Within two years, ThirdLove had collected approximately 75 million data points just from the quiz. The company uses that data to influence nearly every aspect of the business, from product development to marketing and sales. Every customer who takes the quiz, “makes us smarter,” Powell says.  

The data also made it clear where the gaps remain. “Our primary goal is more styles in more sizes,” Powell adds. “Just this last June, we launched 24 new bra sizes [bringing its total number of size options to over 70] and we had about 1.3 million people on the wait list for those sizes. So there’s still an incredible demand for more bra sizes.” The average bra brand has about 36 size options, according to industry reports.

Despite the enormous role that data plays in ThirdLove’s decision-making, human ingenuity is another critical factor. As an example, Powell points to an early problem that the company encountered. 

“Even though we knew we had this amazing product that fits women better than other bras, there was a reluctance to purchase a bra online,” Powell says. “It was just a matter of getting the bra into the customer’s hands.” As Powell tells it, several ThirdLove employees were pondering the issue when someone suggested letting customers try the bra before buying it.  

The “Try Before You Buy” program ended up being an “instrumental part of our success that was born simply from a conversation that some of us were having,” Powell marvels. Based on its success, the company makes it a point to hold lunch-and-learn meetings where different teams can share projects or problems they’re working on to potentially seed more ideas to better connect with customers and improve operations.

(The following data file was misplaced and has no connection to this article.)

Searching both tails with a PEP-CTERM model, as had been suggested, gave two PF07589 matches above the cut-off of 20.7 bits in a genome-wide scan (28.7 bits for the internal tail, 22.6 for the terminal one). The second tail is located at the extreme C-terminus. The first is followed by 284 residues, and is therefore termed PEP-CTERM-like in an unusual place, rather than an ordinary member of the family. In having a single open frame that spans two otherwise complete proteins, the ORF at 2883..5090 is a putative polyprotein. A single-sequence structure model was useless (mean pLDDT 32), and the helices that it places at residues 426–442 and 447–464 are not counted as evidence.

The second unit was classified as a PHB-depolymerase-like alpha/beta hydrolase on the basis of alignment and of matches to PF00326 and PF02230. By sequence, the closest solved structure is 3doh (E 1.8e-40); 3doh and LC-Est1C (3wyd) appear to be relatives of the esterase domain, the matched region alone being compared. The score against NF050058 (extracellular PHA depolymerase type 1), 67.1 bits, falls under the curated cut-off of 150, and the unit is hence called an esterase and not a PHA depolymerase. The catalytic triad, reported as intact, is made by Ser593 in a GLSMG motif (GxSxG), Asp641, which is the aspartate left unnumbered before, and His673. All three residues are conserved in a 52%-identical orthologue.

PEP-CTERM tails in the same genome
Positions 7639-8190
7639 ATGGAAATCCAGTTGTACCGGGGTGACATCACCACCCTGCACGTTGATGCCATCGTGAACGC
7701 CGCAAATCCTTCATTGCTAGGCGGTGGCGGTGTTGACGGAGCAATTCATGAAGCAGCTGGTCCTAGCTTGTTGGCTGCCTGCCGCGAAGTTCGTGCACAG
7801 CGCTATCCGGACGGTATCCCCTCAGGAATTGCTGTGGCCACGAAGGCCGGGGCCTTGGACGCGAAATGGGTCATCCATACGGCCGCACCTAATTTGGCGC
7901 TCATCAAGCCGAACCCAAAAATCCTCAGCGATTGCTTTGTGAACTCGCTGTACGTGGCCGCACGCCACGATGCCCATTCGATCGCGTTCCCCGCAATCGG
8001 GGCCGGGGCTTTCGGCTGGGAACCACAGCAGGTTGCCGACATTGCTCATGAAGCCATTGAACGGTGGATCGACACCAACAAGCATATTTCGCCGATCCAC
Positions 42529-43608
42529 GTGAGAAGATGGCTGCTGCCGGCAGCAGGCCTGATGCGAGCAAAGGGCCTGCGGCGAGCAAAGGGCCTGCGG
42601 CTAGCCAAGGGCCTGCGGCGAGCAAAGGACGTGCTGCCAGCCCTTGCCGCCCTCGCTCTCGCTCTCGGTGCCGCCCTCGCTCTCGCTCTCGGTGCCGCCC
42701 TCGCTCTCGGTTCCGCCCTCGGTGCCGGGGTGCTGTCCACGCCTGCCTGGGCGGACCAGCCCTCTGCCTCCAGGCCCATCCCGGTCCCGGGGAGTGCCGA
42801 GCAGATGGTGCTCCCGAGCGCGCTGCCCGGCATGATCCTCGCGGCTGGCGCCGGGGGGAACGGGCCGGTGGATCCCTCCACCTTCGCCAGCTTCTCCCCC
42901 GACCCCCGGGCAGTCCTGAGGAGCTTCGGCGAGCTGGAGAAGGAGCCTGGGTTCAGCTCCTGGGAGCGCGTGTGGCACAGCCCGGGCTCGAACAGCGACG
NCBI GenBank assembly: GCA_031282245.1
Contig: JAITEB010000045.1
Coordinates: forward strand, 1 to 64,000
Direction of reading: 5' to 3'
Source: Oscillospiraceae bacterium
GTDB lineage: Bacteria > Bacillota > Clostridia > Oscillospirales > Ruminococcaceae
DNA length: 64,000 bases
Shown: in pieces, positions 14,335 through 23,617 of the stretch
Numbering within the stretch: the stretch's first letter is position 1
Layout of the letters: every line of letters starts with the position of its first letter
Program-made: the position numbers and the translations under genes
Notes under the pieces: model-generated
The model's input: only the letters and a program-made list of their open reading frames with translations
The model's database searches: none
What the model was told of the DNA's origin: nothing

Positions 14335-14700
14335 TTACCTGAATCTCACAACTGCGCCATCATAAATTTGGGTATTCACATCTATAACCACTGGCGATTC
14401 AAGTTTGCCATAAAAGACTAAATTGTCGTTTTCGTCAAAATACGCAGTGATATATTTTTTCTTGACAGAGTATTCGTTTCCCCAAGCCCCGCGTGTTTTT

Standing up to the “Sears” of brassieres
With an average price tag of $68, ThirdLove’s bras aren’t cheap. But Zak’s bet that women want bras in more sizes that they can try on at home is starting to pay off. At a time when consumers are turning toward personalized and inclusive experiences, ThirdLove has raised approximately $30 million in VC funding to date and experienced 450 percent revenue growth over the past two years. It was also named one of Forbes’ Next Billion-Dollar Startups for 2018 and included on the CNBC Upstart 100 list. 

And while Victoria’s Secret is still synonymous with women’s underwear, its hold is increasingly tenuous. The lingerie brand’s hypersexualized underwear and nearly identical models (read: women with narrow waists and large busts) are anachronistic in an era marked by the #MeToo movement and body positivity. 

Even though Victoria’s Secret has created its own online Fit Guide and uses similar terms like “supersoft fabric” and “memory fit lining” to describe its bras, it continues to run the same marketing campaigns it did decades ago. Since 1995, Victoria’s Secret has hosted a televised fashion show, which “illustrates how out of touch the brand still is,” writes Jefferies analyst Randal Konik in a note to clients. “With TV ratings that have been in free fall for years and a consumer that no longer resonates with ‘supermodels’ we question why the company continues to hold the show.” Loop Capital analyst Laura Champine dubbed Victoria’s Secret the “Sears of Brassieres.” 

Meanwhile, other retailers have adjusted their brand message. American Eagle Outfitters’ teen underwear line, Aerie, markets its bras and undies for “every girl,” while more startups push their way into the underwear category. ThirdLove isn’t the only intimates brand championing comfort and a great fit—other online startups like True & Co. and Lively are touting similar messages.  

For her part, Powell welcomes the added competition. “The lingerie industry is a $100 billion+ global industry that’s been predominantly run by men,” she says. “So it’s about time that we’re seeing underwear designed by women that’s truly for women.”